Saturday, February 15, 2014

Hayek destroys E.J. Dionne from the grave

I realize that it is folly to take E.J. Dionne as a serious thinker, but his recent column blaming Austrian economics and, more specifically, F.A. Hayek for the nation's ills needs to be corrected.  Unfortunately, Dionne's silliness is what passes for seriousness among progressives these days.  Blogging at the Volokh Conspiracy, which is now part of the Washington Post's family of blogs, Todd Zywicki does an efficient take-down of Dionne, while also providing a very nice summary of Hayek's contributions to economics.
Start with Hayek. Dionne’s attack on Hayek is summarized in this paragraph:
Hayek and Mises perceived little difference between democratic governments that used their power to plan against recessions and dictatorships that did the same thing. In this view, the policies of Franklin Roosevelt led down what Hayek called the “Road to Serfdom” and were thus objectively comparable to those of Hitler or Stalin.
Later on, Dionne conflates this statement with what he represents to be the takeaway from Hayek’s critique of the New Deal and related policies:
Hayek believed, Judt said, that “if you begin with welfare policies of any sort — directing individuals, taxing for social ends, engineering the outcomes of market relationships — you will end up with Hitler.”
This is not an accurate summary of Hayek’s thesis in the book (I observe in passing, it isn’t evident from the column that Dionne has actually read The Road to Serfdom itself, as opposed to just reading commentators on the book who have also fundamentally misunderstood the book). Hayek did not believe that “if you begin with welfare policies of any sort” that you were necessarily on the road to serfdom. In fact, the entire last part of his famed The Constitution of Liberty is dedicated to explaining how many modern welfare-state policies could be implemented in a manner that would not unduly threaten liberty and the rule of law.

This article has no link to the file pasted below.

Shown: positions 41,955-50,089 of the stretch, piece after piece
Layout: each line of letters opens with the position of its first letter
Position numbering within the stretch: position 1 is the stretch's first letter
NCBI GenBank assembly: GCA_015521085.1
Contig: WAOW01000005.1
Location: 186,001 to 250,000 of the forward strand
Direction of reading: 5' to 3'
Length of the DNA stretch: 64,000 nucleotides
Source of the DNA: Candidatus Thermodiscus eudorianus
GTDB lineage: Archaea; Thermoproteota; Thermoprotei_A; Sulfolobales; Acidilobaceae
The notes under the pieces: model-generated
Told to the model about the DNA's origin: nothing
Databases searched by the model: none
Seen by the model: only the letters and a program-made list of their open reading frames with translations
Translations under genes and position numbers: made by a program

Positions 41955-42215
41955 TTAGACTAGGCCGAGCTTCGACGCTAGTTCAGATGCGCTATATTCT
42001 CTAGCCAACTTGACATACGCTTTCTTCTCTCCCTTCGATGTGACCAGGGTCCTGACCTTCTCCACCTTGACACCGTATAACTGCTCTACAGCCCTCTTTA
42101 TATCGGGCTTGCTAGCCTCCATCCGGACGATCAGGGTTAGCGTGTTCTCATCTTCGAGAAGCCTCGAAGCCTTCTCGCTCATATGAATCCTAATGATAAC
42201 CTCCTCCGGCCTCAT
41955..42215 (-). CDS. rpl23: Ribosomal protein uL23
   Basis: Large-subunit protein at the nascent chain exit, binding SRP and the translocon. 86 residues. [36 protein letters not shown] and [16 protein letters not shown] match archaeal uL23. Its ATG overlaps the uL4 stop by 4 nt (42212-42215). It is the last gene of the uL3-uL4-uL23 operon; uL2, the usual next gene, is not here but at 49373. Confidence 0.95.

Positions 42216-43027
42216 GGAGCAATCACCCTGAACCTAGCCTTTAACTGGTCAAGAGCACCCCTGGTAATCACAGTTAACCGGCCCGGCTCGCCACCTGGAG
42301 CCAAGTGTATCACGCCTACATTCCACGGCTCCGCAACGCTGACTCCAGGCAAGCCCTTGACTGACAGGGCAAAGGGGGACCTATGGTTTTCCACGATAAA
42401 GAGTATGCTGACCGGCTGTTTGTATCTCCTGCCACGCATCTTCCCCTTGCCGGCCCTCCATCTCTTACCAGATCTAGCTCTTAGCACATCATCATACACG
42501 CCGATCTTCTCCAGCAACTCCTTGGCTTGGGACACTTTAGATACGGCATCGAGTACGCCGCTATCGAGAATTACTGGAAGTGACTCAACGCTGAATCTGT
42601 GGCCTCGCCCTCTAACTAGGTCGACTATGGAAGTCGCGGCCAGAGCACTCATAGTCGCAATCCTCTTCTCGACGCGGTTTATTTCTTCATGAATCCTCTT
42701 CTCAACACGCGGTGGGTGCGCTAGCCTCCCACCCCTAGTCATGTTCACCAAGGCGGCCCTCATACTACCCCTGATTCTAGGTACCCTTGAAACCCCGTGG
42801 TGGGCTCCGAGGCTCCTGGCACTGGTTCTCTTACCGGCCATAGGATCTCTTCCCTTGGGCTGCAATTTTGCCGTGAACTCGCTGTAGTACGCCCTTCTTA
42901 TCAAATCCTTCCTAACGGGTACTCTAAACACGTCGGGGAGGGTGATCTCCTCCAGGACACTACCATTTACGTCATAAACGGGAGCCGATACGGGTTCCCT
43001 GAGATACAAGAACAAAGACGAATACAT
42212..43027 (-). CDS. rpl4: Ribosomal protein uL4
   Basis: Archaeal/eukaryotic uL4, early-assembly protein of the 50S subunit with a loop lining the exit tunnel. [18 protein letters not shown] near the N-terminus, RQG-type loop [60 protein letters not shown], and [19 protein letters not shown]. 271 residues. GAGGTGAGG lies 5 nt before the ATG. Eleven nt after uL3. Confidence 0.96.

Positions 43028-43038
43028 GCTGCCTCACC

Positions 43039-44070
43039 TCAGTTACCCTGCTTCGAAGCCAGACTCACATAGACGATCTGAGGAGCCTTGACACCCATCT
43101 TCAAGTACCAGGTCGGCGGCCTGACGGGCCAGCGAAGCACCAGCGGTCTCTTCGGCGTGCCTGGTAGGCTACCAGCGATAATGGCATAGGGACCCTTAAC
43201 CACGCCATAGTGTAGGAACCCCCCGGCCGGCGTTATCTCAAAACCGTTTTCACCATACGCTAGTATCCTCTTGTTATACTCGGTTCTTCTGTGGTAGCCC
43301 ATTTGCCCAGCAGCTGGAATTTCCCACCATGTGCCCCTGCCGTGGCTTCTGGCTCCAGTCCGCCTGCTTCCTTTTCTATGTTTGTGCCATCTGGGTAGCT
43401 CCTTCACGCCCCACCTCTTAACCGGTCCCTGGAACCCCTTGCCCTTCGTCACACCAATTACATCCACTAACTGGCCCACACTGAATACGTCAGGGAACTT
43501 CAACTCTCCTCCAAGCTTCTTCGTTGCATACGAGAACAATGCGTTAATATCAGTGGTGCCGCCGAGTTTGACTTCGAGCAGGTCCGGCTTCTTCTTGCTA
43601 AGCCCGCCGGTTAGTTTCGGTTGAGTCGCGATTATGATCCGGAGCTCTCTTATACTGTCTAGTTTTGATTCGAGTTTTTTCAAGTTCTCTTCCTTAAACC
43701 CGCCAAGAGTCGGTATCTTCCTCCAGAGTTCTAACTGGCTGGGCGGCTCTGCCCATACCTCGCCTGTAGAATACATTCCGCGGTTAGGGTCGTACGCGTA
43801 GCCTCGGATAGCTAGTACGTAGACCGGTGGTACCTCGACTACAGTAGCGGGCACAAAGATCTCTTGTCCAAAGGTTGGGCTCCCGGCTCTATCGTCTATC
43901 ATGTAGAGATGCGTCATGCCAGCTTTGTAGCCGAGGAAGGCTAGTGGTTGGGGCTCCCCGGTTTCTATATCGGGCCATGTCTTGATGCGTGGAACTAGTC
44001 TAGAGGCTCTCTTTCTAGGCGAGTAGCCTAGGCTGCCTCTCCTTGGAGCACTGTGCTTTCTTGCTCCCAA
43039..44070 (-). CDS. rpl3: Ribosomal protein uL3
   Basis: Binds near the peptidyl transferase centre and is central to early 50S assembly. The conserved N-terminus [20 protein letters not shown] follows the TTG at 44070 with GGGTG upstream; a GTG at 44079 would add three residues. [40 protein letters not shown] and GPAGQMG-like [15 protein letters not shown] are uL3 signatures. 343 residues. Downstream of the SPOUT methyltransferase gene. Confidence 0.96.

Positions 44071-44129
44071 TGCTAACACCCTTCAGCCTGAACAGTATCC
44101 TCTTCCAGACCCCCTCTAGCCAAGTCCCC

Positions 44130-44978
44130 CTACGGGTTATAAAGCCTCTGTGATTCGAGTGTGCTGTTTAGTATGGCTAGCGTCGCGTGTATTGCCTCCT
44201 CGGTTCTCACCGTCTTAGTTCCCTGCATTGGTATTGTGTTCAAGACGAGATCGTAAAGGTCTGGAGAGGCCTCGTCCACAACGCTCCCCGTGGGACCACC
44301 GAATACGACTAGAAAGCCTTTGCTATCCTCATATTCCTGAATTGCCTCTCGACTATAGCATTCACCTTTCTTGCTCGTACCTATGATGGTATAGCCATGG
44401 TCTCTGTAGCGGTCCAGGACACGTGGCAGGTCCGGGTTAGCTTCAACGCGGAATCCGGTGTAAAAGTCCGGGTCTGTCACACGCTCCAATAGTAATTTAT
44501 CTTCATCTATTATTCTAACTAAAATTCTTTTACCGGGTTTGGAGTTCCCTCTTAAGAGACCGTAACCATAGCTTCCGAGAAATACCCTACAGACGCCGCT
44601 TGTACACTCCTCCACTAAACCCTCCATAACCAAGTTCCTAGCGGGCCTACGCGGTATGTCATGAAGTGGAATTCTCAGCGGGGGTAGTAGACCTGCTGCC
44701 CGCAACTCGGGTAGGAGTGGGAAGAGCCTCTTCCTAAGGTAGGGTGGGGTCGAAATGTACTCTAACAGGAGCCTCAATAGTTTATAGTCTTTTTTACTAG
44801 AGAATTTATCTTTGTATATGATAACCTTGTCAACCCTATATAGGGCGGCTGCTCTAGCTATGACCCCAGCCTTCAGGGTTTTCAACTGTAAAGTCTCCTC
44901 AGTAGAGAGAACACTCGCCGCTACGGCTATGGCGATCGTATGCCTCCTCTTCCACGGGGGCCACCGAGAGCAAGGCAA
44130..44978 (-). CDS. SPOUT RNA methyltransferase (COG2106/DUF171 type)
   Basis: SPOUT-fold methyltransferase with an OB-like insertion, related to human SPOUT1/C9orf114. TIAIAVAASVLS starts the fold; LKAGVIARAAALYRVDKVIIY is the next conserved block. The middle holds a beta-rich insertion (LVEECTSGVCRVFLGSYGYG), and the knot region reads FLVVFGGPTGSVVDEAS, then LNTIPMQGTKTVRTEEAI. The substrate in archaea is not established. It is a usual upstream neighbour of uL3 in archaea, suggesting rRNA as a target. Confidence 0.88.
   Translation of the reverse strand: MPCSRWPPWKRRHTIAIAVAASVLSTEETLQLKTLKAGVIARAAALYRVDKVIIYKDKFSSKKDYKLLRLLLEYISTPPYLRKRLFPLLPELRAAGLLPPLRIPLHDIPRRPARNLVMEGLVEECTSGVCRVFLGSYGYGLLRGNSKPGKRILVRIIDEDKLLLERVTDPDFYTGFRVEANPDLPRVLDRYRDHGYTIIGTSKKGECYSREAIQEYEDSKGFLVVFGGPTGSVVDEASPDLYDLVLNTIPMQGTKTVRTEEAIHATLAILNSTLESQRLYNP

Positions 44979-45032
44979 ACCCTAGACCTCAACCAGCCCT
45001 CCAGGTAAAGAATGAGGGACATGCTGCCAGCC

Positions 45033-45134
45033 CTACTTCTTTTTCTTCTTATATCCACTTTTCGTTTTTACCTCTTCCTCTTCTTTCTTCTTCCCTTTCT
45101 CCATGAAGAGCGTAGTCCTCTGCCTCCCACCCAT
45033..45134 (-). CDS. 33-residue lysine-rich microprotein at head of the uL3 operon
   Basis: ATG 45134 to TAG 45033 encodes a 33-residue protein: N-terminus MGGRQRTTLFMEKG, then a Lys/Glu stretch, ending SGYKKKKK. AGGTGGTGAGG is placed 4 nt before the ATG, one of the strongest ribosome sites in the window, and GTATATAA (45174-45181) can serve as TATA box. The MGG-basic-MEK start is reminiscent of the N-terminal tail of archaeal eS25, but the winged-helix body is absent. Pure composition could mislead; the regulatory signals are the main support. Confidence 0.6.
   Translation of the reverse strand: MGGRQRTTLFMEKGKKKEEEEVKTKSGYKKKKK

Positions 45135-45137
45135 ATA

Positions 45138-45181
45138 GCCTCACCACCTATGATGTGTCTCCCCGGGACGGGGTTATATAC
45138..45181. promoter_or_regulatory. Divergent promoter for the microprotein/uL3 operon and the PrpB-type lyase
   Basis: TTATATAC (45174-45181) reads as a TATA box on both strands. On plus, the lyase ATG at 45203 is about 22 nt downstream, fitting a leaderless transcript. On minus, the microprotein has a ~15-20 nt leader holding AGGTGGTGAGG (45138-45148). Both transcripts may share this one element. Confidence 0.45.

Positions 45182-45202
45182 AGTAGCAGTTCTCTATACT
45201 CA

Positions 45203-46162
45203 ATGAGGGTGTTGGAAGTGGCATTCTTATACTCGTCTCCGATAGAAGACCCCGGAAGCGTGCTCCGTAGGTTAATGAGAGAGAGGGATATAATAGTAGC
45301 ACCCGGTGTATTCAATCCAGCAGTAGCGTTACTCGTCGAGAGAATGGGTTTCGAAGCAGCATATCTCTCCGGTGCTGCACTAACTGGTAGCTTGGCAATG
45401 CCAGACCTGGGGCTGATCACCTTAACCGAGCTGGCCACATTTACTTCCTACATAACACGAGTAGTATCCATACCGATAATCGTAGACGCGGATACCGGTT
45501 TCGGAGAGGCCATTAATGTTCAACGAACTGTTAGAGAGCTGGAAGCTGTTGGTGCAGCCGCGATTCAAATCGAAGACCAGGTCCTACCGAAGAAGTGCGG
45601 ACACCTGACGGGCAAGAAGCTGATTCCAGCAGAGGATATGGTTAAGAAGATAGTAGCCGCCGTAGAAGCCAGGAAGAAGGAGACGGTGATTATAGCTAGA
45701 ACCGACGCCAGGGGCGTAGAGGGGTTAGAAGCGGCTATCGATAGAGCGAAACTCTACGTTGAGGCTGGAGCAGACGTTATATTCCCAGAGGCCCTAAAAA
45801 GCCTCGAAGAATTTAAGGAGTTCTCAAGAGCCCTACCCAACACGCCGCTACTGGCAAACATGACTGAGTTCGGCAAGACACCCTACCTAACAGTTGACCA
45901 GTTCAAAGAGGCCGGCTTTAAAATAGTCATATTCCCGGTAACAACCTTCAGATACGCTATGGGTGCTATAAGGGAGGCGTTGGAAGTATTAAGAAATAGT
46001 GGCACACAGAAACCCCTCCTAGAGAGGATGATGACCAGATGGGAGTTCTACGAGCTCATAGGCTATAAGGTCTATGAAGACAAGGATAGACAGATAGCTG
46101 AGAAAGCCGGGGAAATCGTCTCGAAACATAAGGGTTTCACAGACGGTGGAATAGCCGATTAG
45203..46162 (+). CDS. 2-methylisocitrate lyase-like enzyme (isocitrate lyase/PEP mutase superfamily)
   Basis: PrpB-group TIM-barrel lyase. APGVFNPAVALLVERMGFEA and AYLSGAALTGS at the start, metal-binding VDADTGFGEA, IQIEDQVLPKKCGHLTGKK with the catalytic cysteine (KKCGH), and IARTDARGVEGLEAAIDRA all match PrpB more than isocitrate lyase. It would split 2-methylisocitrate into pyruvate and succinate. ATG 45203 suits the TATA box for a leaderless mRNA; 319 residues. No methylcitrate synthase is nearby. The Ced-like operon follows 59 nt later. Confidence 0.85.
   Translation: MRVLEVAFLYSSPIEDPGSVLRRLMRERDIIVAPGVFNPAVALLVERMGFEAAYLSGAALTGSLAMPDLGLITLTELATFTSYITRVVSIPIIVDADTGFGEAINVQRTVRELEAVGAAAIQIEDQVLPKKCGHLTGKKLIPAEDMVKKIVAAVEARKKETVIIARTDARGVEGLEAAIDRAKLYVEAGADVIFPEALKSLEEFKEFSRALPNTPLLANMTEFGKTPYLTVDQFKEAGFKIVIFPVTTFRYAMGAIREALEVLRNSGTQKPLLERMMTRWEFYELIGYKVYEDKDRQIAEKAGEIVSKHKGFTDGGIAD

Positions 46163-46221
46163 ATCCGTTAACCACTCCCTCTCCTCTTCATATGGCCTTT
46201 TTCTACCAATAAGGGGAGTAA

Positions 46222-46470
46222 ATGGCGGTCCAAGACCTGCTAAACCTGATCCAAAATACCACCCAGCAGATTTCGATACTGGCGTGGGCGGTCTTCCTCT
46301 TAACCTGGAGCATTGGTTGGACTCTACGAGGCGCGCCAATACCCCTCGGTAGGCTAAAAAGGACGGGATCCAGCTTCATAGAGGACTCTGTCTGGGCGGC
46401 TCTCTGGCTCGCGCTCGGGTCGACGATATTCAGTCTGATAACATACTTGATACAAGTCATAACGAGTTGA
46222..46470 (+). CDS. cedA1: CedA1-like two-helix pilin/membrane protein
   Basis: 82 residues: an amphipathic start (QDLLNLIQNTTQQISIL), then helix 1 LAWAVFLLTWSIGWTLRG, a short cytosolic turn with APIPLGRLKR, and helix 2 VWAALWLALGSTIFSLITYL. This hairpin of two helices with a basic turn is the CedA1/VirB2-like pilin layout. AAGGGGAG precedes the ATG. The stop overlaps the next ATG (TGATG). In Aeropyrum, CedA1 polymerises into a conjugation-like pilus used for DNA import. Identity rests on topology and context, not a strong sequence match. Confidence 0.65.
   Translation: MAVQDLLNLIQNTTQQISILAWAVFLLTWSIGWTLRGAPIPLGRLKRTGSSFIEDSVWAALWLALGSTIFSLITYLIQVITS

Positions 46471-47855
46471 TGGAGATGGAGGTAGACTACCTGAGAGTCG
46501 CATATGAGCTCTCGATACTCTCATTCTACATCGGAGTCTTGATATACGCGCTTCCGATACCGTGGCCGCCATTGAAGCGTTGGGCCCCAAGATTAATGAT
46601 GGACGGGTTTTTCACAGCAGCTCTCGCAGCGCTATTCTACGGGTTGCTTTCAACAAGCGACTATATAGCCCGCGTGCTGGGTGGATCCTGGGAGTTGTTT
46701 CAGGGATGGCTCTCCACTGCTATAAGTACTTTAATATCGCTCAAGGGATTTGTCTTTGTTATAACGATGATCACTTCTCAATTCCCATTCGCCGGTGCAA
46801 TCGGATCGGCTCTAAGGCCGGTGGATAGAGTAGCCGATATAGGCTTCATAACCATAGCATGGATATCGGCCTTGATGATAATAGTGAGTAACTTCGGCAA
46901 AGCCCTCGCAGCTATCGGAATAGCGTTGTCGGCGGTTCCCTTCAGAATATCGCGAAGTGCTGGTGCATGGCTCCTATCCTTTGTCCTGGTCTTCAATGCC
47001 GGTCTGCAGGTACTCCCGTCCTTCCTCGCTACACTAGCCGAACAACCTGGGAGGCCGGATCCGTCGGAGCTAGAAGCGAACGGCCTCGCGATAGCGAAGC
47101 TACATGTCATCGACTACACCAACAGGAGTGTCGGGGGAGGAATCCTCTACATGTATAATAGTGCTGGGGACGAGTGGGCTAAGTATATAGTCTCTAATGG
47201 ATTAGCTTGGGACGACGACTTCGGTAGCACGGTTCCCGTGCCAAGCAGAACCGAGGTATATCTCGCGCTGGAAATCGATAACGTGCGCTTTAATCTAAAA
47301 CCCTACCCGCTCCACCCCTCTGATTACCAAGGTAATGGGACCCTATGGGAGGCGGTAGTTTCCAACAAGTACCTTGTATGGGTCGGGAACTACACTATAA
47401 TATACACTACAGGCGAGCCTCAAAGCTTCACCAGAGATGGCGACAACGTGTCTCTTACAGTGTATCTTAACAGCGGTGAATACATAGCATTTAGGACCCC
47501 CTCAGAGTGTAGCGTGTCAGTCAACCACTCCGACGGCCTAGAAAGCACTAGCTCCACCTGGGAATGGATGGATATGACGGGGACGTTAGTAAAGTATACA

Hayek never said that the basics of the welfare state were incompatible with individual liberty. Hayek’s concern was that comprehensive economic planning of the economy by the state was incompatible with individual liberty and the rule of law over the long run. His attack on the New Deal was not about Social Security, but rather the National Recovery Act and other interventions designed to cartelize industries, erect barriers to entry, raise prices for producers at the expense of consumers, fix wages, and divide markets among incumbent producers. Central planning, not the welfare state, is what was incompatible with individual liberty.
Perhaps Dionne didn't realize that there was a cartoon version of the Road to Serfdom. It might be more his speed.